Mercury Rising 鳯女

Politics, life, and other things that matter

Something to really celebrate

Posted by Charles II on December 18, 2012

Richard Engel, NBC correspondent, and his crew were freed. Brian Stelter and Sebnem Arsu, NYT:

Richard Engel, the chief foreign correspondent for NBC News, and three of his crew members were freed on Monday after five days in captivity in Syria, the news organization said on Tuesday.

The identities of the kidnappers and their motives were unknown. But an article on the NBC News Web site quotes Mr. Engel as saying their captors “were talking openly about their loyalty to the government” of Syrian President Bashar al-Assad.

About 15 men, Mr. Engel said on the “Today” show, “just literally jumped out of the trees and bushes” and “dragged us out of the car.” The kidnappers killed one of the rebels whom the crew had been traveling with, he said. [They subjected Engel and his crew to mock executions]

the crew members were freed when the captors “ran into a checkpoint manned by members of the Ahrar al-Sham brigade, a Syrian rebel group,” NBC’s Web site reported. “There was a confrontation and a firefight ensued. Two of the captors were killed, while an unknown number of others escaped.”

Engel is one of the last real correspondents on TV. As this incident shows, he goes in at great personal risk to places no one wants to go. He’s modest and well-informed. He may be the only person on network TV that I actually enjoy listening to and trust.

So, thanks, God, for getting him out safely.


7 Responses to “Something to really celebrate”

  1. Indeed.

  2. Stormcrow said

    Pulling something like this is just about THE MOST stupidly self-destructive thing Bashir Assad’s regime could possibly do right now.

    Most of the Obama administration are hostile neutrals at best. And that was weeks ago.

    If he wanted us to start openly shipping arms to the insurgents, I really don’t see any better way he could achieve that, than this.

    WTF is wrong with him; is he trying to get himself deposed and shot???

    • Charles II said

      I doubt Assad’s really in control anymore, Stormcrow. He never had the control of the apparatus that his Dad did. At this point, they’re just trying to stay alive from day to day. I don’t doubt that memories of Gadhafy are fresh in his memory.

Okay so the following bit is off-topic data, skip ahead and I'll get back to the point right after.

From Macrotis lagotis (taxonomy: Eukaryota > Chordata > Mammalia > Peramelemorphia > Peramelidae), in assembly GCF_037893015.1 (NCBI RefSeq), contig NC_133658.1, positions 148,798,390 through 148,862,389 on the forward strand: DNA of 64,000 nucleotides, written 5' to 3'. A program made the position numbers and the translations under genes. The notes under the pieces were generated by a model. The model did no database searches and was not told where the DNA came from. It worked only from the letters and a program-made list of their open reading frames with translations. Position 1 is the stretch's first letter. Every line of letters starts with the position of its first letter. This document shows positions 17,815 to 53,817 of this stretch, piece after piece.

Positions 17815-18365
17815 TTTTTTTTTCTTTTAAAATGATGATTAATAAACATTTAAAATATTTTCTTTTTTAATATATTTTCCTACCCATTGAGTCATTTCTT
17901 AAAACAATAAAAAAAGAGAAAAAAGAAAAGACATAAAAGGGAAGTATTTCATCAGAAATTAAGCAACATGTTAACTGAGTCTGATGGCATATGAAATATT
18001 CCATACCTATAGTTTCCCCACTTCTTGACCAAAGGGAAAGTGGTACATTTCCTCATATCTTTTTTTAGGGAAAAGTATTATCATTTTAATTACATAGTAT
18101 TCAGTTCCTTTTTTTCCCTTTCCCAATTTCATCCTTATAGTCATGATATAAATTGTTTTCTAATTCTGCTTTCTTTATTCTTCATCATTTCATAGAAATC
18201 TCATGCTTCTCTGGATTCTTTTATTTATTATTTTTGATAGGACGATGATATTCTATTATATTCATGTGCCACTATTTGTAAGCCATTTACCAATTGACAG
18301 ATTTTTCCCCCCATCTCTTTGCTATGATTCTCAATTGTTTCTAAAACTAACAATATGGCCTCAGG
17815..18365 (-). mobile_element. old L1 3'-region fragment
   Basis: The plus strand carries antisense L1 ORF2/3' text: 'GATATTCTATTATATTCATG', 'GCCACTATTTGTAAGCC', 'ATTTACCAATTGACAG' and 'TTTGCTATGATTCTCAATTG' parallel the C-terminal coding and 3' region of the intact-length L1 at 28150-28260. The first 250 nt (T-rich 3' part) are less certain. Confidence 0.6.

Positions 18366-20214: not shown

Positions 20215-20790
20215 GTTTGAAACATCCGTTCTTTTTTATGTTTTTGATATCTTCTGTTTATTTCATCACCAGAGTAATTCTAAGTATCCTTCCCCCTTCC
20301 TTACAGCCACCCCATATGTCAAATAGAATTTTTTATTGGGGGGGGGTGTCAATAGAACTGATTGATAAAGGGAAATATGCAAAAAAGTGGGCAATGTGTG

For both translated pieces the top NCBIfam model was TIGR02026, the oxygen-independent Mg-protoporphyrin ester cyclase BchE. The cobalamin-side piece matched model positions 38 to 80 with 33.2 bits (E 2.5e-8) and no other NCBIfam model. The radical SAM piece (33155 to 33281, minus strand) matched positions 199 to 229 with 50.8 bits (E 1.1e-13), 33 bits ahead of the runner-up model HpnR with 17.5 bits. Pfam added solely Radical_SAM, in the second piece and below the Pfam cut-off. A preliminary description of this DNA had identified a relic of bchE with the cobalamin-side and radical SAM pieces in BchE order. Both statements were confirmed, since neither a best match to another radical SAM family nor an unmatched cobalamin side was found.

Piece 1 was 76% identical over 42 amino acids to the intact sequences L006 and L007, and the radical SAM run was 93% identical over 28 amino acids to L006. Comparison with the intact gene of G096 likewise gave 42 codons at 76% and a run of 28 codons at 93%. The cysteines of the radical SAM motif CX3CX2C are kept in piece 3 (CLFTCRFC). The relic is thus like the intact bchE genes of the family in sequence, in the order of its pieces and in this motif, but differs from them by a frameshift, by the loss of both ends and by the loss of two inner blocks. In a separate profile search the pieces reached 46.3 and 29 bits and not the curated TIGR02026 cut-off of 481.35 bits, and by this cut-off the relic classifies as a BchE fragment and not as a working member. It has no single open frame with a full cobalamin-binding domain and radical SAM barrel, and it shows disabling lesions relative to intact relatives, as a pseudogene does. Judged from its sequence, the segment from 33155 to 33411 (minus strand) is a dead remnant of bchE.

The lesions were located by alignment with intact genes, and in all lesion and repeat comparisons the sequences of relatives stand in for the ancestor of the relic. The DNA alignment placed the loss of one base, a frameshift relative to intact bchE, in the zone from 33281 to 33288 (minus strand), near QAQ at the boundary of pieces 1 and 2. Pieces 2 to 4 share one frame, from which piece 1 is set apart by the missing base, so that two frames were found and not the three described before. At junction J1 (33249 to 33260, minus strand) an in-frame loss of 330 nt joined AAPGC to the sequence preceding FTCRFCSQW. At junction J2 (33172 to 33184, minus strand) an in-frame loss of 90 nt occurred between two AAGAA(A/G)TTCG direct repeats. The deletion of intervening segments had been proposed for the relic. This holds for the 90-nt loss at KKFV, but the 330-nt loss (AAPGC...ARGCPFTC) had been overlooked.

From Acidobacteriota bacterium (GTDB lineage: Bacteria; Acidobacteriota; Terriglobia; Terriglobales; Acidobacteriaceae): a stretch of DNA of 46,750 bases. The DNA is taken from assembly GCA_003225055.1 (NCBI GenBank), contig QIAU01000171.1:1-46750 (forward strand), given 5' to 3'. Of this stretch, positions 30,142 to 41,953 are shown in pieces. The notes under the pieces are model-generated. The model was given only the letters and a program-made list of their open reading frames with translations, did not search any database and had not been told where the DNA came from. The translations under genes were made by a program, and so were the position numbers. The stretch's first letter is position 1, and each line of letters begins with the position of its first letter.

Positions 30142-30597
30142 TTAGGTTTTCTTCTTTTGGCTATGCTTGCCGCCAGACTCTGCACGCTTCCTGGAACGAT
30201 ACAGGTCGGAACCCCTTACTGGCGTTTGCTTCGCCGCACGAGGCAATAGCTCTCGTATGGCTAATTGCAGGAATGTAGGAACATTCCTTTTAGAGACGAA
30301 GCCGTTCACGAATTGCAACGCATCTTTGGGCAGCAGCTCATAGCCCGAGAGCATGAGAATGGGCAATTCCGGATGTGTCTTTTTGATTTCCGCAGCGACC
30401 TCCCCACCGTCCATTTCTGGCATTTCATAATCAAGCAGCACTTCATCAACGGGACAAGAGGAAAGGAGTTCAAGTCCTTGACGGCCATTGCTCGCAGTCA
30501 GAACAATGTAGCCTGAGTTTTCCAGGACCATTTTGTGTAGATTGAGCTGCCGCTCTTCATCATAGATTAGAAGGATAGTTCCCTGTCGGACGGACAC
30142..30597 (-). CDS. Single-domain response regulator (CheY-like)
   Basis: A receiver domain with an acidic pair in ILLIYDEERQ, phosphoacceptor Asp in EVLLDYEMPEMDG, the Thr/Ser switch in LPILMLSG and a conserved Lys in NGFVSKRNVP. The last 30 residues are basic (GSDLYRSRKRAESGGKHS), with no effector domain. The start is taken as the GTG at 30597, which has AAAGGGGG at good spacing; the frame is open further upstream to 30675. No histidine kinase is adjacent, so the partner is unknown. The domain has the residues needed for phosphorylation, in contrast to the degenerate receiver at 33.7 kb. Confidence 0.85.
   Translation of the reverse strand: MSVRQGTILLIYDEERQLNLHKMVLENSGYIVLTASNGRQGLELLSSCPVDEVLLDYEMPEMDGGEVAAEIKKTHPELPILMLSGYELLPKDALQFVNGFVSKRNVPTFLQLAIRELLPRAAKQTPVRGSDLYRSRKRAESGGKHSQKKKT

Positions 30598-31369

• Phoenix Woman said

        Exactly. Though the more paranoid people will claim this was a rebel false-flag operation, even though the kidnappers killed a rebel who was escorting Engel and his crew.

      • Stormcrow said

        If Bashir Assad has lost control of his soldiery, then it’s all over, one way or another. And his best move would be to slip out of the country to a suitable refuge.

        Between 1949 and 1970, Syria hosted no less than 10 coups d’etat. Luttwak’s remarks from Coup d’État: A Practical Handbook, published in 1969:

        In the coup country par excellence, Syria, political leaders have in fact gone around the barracks “canvassing” for (armed) support, but the special conditions of Syrian political life are not likely to be reproduced elsewhere.

        If Syria is returning to this, then the country will be effectively ungovernable.

      • Charles II said

        Yes, I think the country is ungovernable, which is why it existed as a dictatorship. Libya has two major factions and Iraq three (with all sorts of tribal nuance to the story), so they can work (sort of) as federations. But Syria is this incredible snake pit, with Kurds, Alawites, Maronites, (etc.) and Sunnis of various inclinations, all with the tribal overlay. Add in Iranian and Israeli+US jousting over power in what both perceive as essential territory. The Russians, too. The place is like Afghanistan, but without mountains to separate the warring parties.

        I do think Assad miscalculated, losing his Russian support, and that at this point the west doesn’t think it has to give him a get out of jail free card. But we’ll see.

        We always do, whether we want to or not.

  3. Stormcrow said

    Yes, I think the country is ungovernable, which is why it existed as a dictatorship.

    Oh, sure, that’s almost a given.

    But Haffez al-Assad managed to rein in the Army. By, among other things, sending them to Lebanon to intervene, which kept them out of Syria and out of trouble. A trick which usually indicates a cunning ruler, and goes back millenia.

    And Syria hasn’t had any serious instability that Haffez al-Assad wasn’t able to quickly crush. This went on for 30 years. Haffez controlled his army; it didn’t act like a bunch of unmanageable feudal barons off on a pillage/rape/burn expedition.

    If that’s changed, the insurgents may be the least of Bashir’s problems.

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